This post was written for the Author Toolbox Blog Hop where we share our new discoveries on the craft of writing, editing, querying, marketing, publishing, and blogging tips. Posted every third Wednesday of the month. For rules and sign-up click here.
Many people like to read their work on an ereader. Calibre is one way to do that. Here are the download links if you want them:
I started using Calibre because I could not catch all my errors on a computer screen. My mind, like many others, self corrects. I was stuck printing. Fine, but expensive when still in revision mode. As my stories got longer the more I looked for an alternative.
Calibre converts a MS Word doc into a mobi (that’s my choice but there are more). I see both my Calibre library and the books/documents on my Kindle. I’ve also added my favorite recipes. One button and the document is transferred to my phone. Easy peasy.
Amazon Send to Kindle
Another way to get a document on a Kindle is “Send to Kindle”. Here are the links to download this app: PC, Android, & Mac.
There is some setting up required.
- Download and install app
- Sign in (same info for registering your app/reader)
On any closed MS Word Document right click and from the drop down menu choose: send to kindle.
- First time asks for accept terms of service
- It lists the title and author of the work, how it will be sent (wifi or Whispernet) and which device (if you have more than one with the Kindle app)
- Wait for a bit and it will show up with the next sync.
Once it is set up it is very straight forward to use.
And for the person who still prefers a hard copy…
If you still like paper copies try Lulu.com. Their most basic package is cheaper (according to one of my writing buddies) than printing it out at home.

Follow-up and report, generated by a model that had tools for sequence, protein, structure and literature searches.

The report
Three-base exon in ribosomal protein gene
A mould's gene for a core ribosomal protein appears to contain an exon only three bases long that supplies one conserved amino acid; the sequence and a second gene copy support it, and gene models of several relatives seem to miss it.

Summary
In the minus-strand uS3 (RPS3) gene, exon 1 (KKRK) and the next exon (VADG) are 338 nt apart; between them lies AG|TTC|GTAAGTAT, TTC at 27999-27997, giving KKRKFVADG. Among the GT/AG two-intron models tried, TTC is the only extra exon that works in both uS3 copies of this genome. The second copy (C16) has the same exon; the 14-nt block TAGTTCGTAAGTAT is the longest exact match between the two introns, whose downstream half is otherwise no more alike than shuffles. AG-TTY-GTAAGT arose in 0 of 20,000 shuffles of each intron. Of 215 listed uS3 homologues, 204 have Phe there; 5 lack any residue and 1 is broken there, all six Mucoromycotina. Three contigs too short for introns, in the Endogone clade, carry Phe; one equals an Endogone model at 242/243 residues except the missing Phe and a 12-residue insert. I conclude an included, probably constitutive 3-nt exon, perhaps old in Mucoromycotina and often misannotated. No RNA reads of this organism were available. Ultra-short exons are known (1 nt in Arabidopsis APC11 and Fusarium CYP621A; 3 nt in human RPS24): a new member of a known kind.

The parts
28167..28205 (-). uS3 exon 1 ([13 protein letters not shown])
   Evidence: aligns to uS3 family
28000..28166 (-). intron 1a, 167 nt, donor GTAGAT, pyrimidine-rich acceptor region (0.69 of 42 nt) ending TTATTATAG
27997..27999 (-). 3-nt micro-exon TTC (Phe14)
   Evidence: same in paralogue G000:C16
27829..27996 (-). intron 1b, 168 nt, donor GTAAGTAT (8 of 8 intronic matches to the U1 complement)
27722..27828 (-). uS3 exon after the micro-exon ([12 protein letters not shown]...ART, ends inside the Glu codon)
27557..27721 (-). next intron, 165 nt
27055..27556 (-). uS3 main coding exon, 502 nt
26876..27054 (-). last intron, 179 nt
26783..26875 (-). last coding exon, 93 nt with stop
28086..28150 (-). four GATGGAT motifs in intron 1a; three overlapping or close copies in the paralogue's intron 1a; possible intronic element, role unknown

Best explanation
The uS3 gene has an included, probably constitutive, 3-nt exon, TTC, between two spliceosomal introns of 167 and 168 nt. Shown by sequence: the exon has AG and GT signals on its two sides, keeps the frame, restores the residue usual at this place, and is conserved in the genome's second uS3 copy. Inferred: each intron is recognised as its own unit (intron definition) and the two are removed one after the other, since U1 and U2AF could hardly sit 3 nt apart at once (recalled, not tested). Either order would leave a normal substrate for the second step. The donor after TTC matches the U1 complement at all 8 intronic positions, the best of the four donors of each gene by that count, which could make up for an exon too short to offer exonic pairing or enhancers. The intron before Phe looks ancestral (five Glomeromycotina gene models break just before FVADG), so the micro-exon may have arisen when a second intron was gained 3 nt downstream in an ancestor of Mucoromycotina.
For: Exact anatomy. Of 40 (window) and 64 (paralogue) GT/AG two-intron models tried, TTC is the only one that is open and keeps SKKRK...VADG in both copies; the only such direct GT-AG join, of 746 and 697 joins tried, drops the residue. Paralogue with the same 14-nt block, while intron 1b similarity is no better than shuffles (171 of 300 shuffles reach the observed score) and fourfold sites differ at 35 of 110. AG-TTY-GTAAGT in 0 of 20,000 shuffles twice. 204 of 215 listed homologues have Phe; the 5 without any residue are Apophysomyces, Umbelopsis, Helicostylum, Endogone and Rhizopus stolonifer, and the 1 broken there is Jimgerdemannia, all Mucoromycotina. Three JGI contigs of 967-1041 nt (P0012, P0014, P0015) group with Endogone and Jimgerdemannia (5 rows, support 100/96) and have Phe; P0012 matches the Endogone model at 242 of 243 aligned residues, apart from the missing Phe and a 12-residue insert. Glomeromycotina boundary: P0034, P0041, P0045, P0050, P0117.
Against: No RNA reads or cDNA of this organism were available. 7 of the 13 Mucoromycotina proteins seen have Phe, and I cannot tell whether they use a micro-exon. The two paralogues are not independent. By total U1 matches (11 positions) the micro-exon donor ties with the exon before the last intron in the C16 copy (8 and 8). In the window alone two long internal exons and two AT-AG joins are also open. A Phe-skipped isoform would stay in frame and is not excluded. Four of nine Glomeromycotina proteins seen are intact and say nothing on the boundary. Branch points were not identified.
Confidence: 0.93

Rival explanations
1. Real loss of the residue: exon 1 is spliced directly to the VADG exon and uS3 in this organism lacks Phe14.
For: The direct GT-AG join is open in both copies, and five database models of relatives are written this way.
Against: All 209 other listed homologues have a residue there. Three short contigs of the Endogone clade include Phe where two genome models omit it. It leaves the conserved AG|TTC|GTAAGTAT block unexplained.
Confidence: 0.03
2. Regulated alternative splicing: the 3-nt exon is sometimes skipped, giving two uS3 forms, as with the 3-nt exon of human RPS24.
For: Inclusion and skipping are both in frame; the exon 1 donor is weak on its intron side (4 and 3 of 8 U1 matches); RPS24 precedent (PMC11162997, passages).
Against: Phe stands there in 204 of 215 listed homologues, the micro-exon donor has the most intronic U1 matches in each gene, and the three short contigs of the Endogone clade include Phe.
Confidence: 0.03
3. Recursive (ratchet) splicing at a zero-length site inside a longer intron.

Note: Select 8.5 x11 and One copy.
For my final read through before submitting, I like make changes and just leave remarks to consider later. If I don’t do it this way, I land up reverting back to revision mode—not the goal.
Just thought you’d enjoy some alternative methods to read over your latest project.
I keep thinking one day I’ll gather my work together and create a volume of works using Lulu.
Do you do something similar? Feel free to share you methods. I love to learn something new. 🙂
I always send my WIP to my Kindle to proofread. Changing the font and the size and even having Kindle read to me helps me find problems that I miss on the laptop screen. I don’t use an app to send to kindle. I’ve been doing it pre-app days simply by attaching the Word doc to an email and making the subject convert. I have to use an email addy okayed by amazon . It’s buried somewhere in my account info.Interesting info about using Lulu. That’s a new idea. Thanks.
I remember the sending mine by email. Heck, I forgot about that. hehehe
That’s the method I use as well. It also works for pdf files (but only works for doc files, not doc=x).
Interesting. It may depend on the Kindle reader, cuz I sent my docx to it and it seemed fine.
Now that’s a novel way to read your manuscript 🙂
Funny girl. 😉
Since I self-publish both Kindle and Paperback versions using CreateSpace, I have CS print proof copies and mail them to me for editing. It’s cheaper than printing the doc.x manuscript on my printer–considering the price of cartridges and paper. And the proof books are in the same format as the final book. So, no surprises. CreateSpace will mail out updated copies in about a week. My editor and I each mark up the proof copy, merge our edits/corrections, and then repeat. After converting to Kindle, I then review the eBook version to make sure it formatted correctly. Sounds grueling, but it works pretty well and only costs about $15-$17 to get two proof copies mailed.
Lulu is about $4 each. But it wouldn’t help with formatting since they’re 8.5 x 11 and I’m not sure what the postage is.
Honestly, go with what works. 🙂
These are some great ideas and tips, Anna. I will look back at this post once my manuscript is ready for a final read and/or proof print. I hear that it’s better to print out a copy for final editing, so Lulu might come in handy. Or, ordering a proof copy via CreateSpace, like one of your commenters suggested. Have you heard back from “your cop” yet?
Either print works. Just depends on your needs.